SALT LAKE CITY -- Utah is the first state in the nation to launch an education and screening campaign for a common virus known as CMV.
CMV, or cytomegalovirus, is a member of the herpes family of viruses and infects people of all ages.
Most people who have the virus show no signs or symptoms. However, when the virus strikes during pregnancy, the baby can become infected before birth, and problems can develop.
An average of 365 babies, or one per day, are born with CMV in Utah each year, said Dr. Stephanie McVicar, specialty services program manager at the Utah Department of Health.
When this happens, the virus is transmitted to the unborn infant and can affect the brain, eyes or inner ears. Approximately one in five children with congenital CMV infection will develop permanent problems, such as hearing loss or developmental disabilities.
"Because CMV infection is a preventable virus, this needs to be brought to the public's attention. It is the most common virus that no one has heard of," McVicar said.
"About 40 percent of women who become infected with CMV for the first time during a pregnancy will pass the infection to their fetus. CMV is the leading cause of nongenetic hearing loss in children."
In addition, McVicar said, congenital CMV infection causes more long-term health problems and childhood deaths than Down syndrome, fetal alcohol syndrome, neural tube defects and pediatric HIV/AIDS.
"Utah is an amazing hub of health care firsts," McVicar said. "We are so lucky to have specialists in many areas that are found nowhere else. CMV is a very common virus. However, there have not been a lot of research studies done yet on treatments for the infection."
McVicar said three studies are being done in Utah right now. The first two are examining the use of anti-viral medications to treat babies diagnosed with congenital CMV.
One is being done through the department of pediatric otolaryngology at Primary Children's Medical Center in Salt Lake City. It is examining the use of the drug valganciclovir to slow the progression of hearing loss.
The other is being done through the Division of Pediatric Infectious Disease at the University of Utah, looking at the use of ganciclovir and determining its safety and efficacy in children diagnosed with congenital CMV hearing loss.
The third study, conducted by the National Institute of Child Health and Human Development Maternal-Fetal Medicine Units Research Network, of which Utah is a part, is trying to prevent congenital CMV.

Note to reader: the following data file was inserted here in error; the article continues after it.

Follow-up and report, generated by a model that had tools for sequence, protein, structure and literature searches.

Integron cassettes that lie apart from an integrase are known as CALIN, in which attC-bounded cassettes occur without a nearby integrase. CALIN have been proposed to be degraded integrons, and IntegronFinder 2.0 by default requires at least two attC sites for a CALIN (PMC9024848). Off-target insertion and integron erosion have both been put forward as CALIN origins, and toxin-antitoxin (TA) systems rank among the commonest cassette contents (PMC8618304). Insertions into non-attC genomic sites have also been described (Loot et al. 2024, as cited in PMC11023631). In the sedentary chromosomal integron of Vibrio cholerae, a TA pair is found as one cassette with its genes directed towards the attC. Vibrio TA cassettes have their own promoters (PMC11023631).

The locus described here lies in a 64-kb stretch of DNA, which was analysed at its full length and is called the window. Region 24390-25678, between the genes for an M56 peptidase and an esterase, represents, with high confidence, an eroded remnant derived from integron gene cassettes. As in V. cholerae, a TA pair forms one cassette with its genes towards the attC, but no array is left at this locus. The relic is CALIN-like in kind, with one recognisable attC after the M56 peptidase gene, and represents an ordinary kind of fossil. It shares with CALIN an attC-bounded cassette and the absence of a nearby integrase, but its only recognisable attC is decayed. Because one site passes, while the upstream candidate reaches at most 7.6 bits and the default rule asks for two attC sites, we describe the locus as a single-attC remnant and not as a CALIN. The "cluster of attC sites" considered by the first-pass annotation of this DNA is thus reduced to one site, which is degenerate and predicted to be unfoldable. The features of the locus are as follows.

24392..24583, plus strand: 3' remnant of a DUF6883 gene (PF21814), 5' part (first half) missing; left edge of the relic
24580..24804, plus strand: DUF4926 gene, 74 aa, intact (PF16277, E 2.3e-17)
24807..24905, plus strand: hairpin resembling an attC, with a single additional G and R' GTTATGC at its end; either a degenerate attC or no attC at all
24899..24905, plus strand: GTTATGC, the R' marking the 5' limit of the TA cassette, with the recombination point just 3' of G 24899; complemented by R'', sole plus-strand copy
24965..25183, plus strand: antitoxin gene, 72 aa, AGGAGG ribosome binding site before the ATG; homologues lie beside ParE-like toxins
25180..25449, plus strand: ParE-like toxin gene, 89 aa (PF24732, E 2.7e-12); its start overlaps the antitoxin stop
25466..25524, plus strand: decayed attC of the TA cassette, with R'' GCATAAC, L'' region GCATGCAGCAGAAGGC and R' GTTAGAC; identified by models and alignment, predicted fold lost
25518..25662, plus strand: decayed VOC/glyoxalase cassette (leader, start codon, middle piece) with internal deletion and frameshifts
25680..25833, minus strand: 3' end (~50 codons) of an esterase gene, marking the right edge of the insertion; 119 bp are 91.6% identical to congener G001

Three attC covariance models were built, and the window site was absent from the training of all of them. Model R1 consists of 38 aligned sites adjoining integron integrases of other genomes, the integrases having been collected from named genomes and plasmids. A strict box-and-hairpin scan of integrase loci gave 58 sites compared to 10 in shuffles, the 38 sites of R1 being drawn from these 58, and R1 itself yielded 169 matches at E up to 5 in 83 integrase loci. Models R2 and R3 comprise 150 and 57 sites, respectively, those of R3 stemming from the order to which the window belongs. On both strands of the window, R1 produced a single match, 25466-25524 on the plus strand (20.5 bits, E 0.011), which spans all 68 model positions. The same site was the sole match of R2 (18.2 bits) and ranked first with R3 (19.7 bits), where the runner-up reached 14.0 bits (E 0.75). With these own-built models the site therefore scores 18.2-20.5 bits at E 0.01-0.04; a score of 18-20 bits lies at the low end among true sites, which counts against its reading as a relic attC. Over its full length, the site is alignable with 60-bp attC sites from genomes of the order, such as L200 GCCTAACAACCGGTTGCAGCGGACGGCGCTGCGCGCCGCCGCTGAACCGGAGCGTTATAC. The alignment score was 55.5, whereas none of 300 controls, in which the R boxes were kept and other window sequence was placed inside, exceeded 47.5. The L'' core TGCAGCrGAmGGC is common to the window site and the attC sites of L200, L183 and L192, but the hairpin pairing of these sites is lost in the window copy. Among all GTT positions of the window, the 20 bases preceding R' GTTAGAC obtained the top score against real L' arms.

McKay-Dee Hospital in Ogden is one of the participating hospitals in this study, McVicar said.
"Through these studies, some Utah-specific statistics have been discovered, such as 20 percent of children diagnosed with hearing loss are because of congenital CMV."
In addition, the CMV public education and testing law came from House Bill 81, which was sponsored by Ronda Rudd Menlove, R-Garland, who wanted to bring the disease to the forefront because her granddaughter suffered hearing loss from congenital CMV, McVicar said. The disease progressed to profound bilateral hearing loss that ultimately required bilateral cochlear implantation.
The law requires UDOH to educate women about the dangers of the virus during pregnancy and how to prevent it. It also requires doctors to test newborns for CMV if the infants fail two hearing tests, McVicar said.
The risk of getting CMV through casual contact is very small. The virus is generally passed from infected people to others through direct contact with body fluids, such as urine or saliva, McVicar said.
If you are pregnant or planning a pregnancy, the best way to protect your baby is to protect yourself. Wash your hands often with soap and water for 15 to 20 seconds, especially after changing diapers, feeding a young child, wiping a young child's nose or mouth and handling children's toys.
McVicar also said it's important not to share food, drinks, eating utensils or a toothbrush with children. Do not put a child's pacifier in your mouth, and avoid contact with a child's saliva when kissing or snuggling.
Symptoms of CMV can include a sore throat, fever and swollen glands.
More information on CMV can be obtained by visiting http://www.health.utah.gov/cshcn/CHSS/CMV.html or by calling Mother To Baby Utah at (800) 822-2229.